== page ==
The Fugitive (1963–1967)
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Man on a String 

Kimble helps Lucey when her car won't start. The next morning, she's accused of murdering a man at the exact time that she was with Kimble. Kimble wants to help but knows it's too dangerous to stay and testify on her behalf at the inquest.



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Episode cast overview:
Amy Adams
Lt. Philip Gerard (credit only)
Sheriff Mead
Old Timer
Doc Phillips


Kimble's aiding a stranded motorist lands the fugitive in a murderous love triangle. Town floozy Lucey's car stalled waiting for adulterous Lark Adams, who she claims didn't show for a rendezvous. Lark's body was already in a roadside ditch when Kimble and Lucey met. Kimble believes Lucey's innocent. So does a gallant Deputy who saw Kimble at Lucey's right after, but his Sheriff and the town's blue-bloods would love to pin the rap on loose Lucey, out of sympathy for Lark's abused blonde wife, Amy Adams. Written by David Stevens

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Release Date:

29 September 1964 (USA)  »

Company Credits

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Technical Specs

Sound Mix:

(Westrex Recording System)

Aspect Ratio:

1.33 : 1
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Did You Know?


Heard in the background of the scene where Kimble tells Lois Nettleton's character he must leave is none other than Vin Scully announcing a baseball game. See more »


Lucey Russell: If you're worried about my reputation, you couldn't make it any worse in this town.
Dr. Richard Kimble: Hmm. Well, what about mine?
Lucey Russell: [both laugh] You're safe.
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User Reviews

9/2/64: "Man on a String"
28 April 2015 | by See all my reviews

The title could describe many episodes of "The Fugitive": Kimble wants to get away but he can't just walk away from other people's problems, especially if they involve an injustice or someone who is in danger. Here Kimble is hitch-hiking and comes across a woman whose car won't start. No, it isn't the nun from "Angels Travel in Lonely Roads". Instead it's Lois Nettleton, playing the town tramp, a waitress who "knows" many of the men in town and was out on the road to meet one of them. He never showed up and, significantly, She calls Kimble "Lars", the name of the man she's waiting for. He has a superficial resemblance to him and she thus reveals that she thinks Lars is still alive. He isn't, unfortunately. Unbeknownst to either of them, his body is hidden in the bushes. He fixes her car and she gives him a lift to town. Later the body is found and the whole town assumes that Lois did him in. Kimble is the witness who could prevent her from being convicted. It winds up with an incredibly tense situation where he has returned to testify at the inquest but the widow has found out who Kimble is and she wants him out of town. But the sheriff won't let him leave.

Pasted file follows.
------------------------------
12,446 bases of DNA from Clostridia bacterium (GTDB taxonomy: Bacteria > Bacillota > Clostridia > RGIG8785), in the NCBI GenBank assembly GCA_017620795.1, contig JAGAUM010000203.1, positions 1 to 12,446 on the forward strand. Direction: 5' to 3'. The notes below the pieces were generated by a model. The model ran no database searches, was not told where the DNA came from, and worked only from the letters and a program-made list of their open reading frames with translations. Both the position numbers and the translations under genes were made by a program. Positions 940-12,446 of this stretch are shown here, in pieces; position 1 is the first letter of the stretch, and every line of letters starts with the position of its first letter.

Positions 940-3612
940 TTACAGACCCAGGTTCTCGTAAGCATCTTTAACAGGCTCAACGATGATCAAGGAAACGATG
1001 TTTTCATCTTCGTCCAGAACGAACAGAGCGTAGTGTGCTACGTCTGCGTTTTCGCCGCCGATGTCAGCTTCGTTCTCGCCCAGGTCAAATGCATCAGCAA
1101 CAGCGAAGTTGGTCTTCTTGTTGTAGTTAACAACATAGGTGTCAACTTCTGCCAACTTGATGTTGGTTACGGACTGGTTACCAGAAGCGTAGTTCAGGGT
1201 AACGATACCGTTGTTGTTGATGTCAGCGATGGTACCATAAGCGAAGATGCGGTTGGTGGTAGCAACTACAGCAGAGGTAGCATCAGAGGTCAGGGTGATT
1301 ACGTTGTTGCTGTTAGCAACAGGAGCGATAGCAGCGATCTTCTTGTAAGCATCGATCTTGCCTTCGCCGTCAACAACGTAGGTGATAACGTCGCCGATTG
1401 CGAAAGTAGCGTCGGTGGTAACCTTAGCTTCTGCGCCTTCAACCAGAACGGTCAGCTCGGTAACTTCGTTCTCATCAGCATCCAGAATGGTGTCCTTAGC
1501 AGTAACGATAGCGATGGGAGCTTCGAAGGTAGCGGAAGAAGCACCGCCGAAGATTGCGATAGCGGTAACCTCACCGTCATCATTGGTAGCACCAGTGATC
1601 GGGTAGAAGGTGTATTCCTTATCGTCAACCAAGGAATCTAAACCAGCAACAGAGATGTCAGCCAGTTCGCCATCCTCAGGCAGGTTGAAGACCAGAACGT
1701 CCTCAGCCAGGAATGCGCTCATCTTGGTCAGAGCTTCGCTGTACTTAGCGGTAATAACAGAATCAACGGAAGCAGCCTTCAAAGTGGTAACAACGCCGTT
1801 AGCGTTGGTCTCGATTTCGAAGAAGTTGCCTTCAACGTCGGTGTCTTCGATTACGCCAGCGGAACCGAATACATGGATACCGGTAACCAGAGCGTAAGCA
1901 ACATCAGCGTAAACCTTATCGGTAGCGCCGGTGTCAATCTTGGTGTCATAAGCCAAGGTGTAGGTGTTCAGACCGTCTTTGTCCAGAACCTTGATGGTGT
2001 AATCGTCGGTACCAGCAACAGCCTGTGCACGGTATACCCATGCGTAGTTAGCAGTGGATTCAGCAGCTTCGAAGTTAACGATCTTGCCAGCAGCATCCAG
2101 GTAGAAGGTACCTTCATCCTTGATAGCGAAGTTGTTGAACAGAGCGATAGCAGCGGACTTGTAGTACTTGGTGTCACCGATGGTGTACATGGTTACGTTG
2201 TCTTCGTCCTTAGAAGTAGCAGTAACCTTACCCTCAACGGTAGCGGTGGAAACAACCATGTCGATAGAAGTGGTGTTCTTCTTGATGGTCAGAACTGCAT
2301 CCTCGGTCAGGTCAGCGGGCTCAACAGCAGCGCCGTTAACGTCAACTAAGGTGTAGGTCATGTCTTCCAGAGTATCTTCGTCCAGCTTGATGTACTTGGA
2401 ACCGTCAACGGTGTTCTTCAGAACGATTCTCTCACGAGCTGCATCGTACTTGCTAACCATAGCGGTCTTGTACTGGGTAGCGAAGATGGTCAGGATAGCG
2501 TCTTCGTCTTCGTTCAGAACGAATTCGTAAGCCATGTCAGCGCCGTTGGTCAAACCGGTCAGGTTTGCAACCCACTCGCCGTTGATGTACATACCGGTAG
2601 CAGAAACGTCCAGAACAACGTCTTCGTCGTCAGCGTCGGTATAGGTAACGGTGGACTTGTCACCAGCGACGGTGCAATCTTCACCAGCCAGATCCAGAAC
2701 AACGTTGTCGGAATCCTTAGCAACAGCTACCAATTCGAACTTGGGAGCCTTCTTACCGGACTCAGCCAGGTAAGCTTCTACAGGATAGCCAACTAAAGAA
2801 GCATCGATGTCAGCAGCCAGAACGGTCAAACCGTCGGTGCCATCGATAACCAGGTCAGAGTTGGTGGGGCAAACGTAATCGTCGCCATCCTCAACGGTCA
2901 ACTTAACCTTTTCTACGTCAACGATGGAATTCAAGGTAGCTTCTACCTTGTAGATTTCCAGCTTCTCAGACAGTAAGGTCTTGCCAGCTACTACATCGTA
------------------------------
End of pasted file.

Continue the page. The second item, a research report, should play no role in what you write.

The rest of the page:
The greatest thing about these old sixties shows is the "stock company" or really good actors that constantly showed up in the guest parts. They were often the best actors and had the most interesting roles, (because they didn't have to be beloved by the audience so they would tune in next week). This episode has several of them: Patricia Smith as the widow, Malcolm Atterbury as the Sheriff, the always excellent John Larch as his very nervous deputy and Lois Nettleton as the accused. Like Suzanne Pleshette, Lois is one of my favorite actresses from the period. I was very sad when we lost them both on consecutive days in 2008.

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